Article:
[1] In a forced emotional scene in the 1939 The Story of Alexander Graham Bell, George Sanders is depicted as being able to eventually say “father” while his father, Thomas, weeps with happiness. 

Primary Source Text

“The moment he evinced the independent desire to communicate with others by written words, I felt that the time had come to give him a means of forming written words for himself by teaching him his letters and a manual alphabet.”

“For this purpose I adopted the plan, recommended by George Dalgarno, of writing the alphabet upon a glove. This glove I presented to him one morning as a new plaything He put it on his left hand, and then went to the card-rack, as usual, and presented me with the word for some object he desired; we shall suppose the word “doll.” I then covered up the word with the exception of the first letter, “d,” and directed his attention to the glove. After a little searching he discovered the corresponding letter upon the glove. I then showed him the letter “o” on the card, and he soon found it on the glove; and so with the other letters.”

“After a little practice of this kind he became so familiar with the places of the letters that he no longer required to search, but pointed at once to the proper letter upon the glove. Every time he required a card from the card-rack I made him spell the word upon his fingers.”

“In communicating with me it was unnecessary for him to wear the glove, as we both remembered the places of the letters. I kept up the practice of writing to him, as before, but required him to spell the words upon his hand while I wrote them on the board. He soon became so expert that he could spell faster than I could write, and often finished his sentence by guessing what I was going to add before I had written more than two- thirds. When this stage had been reached I often used the manual alphabet with him, instead of writing. I took his hand in mine and touched the places of the letters upon his hand. He did not require to look; he could feel where he was couched. He recognized the words in this way, however rapidly I spelled them upon his hand. As I had five fingers, I could touch five letters simultaneously, if I so desired, and a little practice enabled me to play upon his hand as one would play upon the keys of a piano, and quite as rapidly.”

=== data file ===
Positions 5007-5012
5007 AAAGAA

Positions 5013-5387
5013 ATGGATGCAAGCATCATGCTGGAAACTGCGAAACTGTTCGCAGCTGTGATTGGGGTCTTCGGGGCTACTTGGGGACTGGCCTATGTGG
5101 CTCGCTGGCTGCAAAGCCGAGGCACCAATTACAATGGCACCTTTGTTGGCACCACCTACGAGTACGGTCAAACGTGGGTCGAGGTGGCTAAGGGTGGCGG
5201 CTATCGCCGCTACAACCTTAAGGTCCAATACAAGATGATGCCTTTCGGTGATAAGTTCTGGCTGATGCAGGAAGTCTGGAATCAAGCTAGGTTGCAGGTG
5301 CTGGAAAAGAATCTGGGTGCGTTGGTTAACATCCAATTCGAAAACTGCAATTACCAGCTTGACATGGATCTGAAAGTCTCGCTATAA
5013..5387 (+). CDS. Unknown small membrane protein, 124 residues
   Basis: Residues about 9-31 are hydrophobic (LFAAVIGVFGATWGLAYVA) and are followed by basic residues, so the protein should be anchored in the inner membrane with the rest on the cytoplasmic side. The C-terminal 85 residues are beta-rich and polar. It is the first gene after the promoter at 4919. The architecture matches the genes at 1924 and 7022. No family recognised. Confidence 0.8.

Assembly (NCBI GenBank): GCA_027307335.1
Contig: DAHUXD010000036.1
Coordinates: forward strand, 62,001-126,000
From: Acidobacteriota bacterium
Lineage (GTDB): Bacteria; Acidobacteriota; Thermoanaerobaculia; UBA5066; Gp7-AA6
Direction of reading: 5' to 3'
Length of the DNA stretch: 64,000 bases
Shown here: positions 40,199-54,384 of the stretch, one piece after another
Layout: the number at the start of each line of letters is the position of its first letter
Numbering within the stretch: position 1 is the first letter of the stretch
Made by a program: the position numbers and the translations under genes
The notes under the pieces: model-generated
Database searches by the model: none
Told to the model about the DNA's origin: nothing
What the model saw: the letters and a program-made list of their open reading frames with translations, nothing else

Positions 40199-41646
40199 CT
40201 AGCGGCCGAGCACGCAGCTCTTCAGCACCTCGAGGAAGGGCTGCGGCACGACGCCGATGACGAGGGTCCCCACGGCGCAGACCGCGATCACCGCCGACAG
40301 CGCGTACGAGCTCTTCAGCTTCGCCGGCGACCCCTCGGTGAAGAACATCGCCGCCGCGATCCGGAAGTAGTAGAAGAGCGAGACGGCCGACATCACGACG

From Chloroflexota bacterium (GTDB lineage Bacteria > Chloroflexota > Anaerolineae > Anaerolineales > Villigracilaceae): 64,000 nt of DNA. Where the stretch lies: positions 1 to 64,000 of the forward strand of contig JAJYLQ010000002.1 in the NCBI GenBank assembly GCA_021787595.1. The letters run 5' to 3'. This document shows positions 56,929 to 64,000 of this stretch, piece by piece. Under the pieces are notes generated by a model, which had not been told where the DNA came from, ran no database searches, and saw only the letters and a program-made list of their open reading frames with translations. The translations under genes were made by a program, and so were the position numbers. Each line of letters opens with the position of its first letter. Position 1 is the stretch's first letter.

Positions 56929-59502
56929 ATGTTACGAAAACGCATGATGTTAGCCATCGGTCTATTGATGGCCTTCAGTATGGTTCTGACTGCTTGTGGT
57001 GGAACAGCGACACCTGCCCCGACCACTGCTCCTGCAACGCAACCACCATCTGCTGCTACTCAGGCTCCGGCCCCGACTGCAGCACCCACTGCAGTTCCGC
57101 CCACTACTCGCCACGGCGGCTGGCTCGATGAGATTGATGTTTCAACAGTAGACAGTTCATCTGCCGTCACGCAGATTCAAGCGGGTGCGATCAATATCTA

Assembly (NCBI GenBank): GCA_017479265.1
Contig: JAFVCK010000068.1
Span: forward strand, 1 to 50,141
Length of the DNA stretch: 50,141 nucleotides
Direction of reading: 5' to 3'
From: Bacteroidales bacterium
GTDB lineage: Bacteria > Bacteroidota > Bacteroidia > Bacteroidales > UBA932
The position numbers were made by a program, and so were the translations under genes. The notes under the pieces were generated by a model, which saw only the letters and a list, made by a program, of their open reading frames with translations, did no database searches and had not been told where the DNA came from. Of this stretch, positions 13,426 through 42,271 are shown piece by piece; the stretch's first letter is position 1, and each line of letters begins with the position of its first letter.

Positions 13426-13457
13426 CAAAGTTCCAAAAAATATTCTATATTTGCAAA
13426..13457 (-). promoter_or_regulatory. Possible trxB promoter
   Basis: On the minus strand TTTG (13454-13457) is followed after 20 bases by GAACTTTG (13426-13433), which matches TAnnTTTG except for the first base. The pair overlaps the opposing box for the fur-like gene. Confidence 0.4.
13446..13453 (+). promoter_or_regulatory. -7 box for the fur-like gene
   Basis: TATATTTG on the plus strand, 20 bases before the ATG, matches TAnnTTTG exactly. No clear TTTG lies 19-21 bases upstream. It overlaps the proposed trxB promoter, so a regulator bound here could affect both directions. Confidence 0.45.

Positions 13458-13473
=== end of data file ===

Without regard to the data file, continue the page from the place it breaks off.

“I could also give emphasis by pressure upon the fingers, and group the words together as they would be grouped in utterance, leaving pauses, here and there, corresponding to the pauses made in actual speech.”

“The more I used with him this means of communication the more I rejoiced in the fact that I had decided to employ an alphabet addressed to the sense of touch, instead of sight. It left his eye free to observe the expression of my face and the actions and objects which formed the subject of our conversation.”


Bell, Alexander Graham. “Upon a Method of Teaching Language to a Very Young Congenitally Deaf Child.” American Annals of the Deaf and Dumb. XXVII (1883): 124-139. 



Further Reading

  • Clark, Harold T. Talking Gloves For The Deaf and Blind: Their Value to Men Injured in the Present War. Cleveland, Ohio, 1917.

  • Dalgarno, George. Didascalocophus, or the Deaf and Dumb Man’s Tutor. Oxford: Printed at the Theater, 1680. 

  • Herrmann, Dorothy. Helen Keller: A Life. Chicago: Chicago UP, 1998.

  • Keller, Helen. The Story of My Life. New York: Modern Library, 2003.


Nadine LeGier



“Talking Gloves,” Nineteenth-Century Disability: Cultures & Contexts, accessed March 25, 2017,

Social Bookmarking